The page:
If you want to work with a program that emphasizes Prilepin, conjugate method is the go to. Here's the caveats on conjugate:
1. You're going to probably use too much weight on dynamic effort days. If you don't have a coach, it happens.
2. It relies on you being able to program assistance work based on your weakest part of your lifts. This requires either a knowledgeable coach or a lot of knowledgeable and honest self assessment.
3. You're going to spend a lot of time learning how to properly use bands and chains as they are integral.
4. You're going to have to really study it to understand because it is not a preworked program as much as it is a method.
5. Unless you've actually plateaued on a more traditional program, you'll go through all of this to get the same gains for a while.
Even on a conjugate system, you'll only train deadlift heavy once a week and you'll go weeks without deadlifting heavy because conjugate training is just as much if not more bar speed (as is Prilepin). You will need to have access to people that can diagnose your weak spots in a lift effectively as well as assistance work will make up 80% of your training volume.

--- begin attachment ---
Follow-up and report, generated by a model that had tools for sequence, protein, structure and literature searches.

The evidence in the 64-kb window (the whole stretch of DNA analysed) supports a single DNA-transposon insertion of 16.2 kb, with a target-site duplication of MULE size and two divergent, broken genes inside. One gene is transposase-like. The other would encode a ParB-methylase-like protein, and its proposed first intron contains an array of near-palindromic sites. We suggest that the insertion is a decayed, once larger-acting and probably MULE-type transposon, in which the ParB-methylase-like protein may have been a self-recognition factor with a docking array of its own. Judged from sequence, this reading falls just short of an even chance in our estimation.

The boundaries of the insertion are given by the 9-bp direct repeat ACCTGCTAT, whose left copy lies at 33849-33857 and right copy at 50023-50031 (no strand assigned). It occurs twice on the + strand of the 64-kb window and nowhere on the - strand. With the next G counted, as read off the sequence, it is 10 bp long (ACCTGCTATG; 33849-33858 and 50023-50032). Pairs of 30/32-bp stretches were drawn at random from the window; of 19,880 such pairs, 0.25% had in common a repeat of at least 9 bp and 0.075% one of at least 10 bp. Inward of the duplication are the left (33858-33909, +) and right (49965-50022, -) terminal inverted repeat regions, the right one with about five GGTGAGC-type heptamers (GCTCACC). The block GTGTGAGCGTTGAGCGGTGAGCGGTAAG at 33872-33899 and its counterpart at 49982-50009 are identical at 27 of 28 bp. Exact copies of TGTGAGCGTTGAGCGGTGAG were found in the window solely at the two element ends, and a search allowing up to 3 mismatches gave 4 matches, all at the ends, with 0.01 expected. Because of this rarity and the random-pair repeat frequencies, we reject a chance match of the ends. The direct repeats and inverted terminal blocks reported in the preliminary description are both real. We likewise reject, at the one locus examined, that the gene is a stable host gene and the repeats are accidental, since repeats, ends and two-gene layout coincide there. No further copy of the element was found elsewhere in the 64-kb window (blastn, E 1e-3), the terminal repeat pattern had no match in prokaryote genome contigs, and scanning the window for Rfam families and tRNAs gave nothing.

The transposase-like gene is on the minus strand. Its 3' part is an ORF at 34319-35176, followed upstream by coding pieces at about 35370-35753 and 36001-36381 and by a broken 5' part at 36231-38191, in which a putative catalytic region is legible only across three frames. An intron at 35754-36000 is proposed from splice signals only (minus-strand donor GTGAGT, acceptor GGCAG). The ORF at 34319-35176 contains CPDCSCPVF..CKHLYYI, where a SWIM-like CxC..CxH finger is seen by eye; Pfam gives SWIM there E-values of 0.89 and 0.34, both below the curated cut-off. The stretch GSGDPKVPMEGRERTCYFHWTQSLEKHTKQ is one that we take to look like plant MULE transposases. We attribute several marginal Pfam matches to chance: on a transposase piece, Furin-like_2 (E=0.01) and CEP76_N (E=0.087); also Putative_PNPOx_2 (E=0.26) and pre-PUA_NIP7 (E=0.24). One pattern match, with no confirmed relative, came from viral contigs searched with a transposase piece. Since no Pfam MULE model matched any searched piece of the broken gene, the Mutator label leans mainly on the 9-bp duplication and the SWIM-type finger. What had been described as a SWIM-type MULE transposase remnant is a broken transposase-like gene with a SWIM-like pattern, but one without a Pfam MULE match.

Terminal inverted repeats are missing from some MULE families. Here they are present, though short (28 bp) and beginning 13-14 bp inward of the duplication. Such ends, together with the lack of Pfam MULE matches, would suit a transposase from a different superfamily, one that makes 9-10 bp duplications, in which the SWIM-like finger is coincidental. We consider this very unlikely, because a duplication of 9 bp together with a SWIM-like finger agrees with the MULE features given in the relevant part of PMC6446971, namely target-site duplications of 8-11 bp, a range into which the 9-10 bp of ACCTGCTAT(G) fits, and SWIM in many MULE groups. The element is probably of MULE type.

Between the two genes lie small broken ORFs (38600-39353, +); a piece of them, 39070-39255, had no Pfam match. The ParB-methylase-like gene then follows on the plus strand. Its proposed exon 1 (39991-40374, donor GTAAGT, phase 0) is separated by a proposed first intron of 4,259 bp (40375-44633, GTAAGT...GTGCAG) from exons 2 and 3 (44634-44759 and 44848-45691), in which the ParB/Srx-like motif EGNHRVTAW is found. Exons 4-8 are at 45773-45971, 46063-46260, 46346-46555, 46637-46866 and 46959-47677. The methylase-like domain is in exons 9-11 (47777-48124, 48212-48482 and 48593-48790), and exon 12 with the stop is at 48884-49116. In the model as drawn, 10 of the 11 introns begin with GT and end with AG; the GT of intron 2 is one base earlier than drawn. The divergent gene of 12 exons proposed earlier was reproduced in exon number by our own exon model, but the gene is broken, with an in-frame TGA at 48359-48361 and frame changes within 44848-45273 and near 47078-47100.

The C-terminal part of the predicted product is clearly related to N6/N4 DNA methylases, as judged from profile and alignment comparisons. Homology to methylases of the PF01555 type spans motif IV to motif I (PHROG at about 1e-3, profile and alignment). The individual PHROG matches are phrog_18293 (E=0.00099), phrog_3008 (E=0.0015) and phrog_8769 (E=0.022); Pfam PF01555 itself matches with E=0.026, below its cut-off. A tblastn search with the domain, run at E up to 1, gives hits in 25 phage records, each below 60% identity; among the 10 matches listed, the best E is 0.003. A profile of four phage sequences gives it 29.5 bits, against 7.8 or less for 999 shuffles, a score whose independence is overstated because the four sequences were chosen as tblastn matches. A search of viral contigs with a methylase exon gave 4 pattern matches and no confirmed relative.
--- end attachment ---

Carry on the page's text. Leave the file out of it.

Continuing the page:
That is not to dissuade you from doing a conjugate program, but to tell you the reality of it. Once you've got a couple years under your belt, it's great. I train conjugate and I love it, but I've also been in and out of weight rooms since I was 12. I had a 400+ deadlift and squat and was headed to a 400 bench prior to injury. If there's a certified trainer in your area, this changes the learning curve a good bit and it's a great program.
A final word of warning: training conjugate, especially if you tend to the heavier side of things, is not about looking jacked. You will not get some of the aesthetic benefits that other systems offer. Look at Chuck Vogelpohl and Louie Simmons. They're monsters and absolute beasts, but if one of your goals is aesthetics, it's not your program. If all you care about is straight up horsepower, there's nothing like it in my opinion.
If you want to learn more, you can download a seminar from Westside Barbell for like $20 and get the information straight from the horse's mouth. Buy Louie's Book of Methods and read stuff from the guys at the gym. They post their workouts so it's not like it's top secret.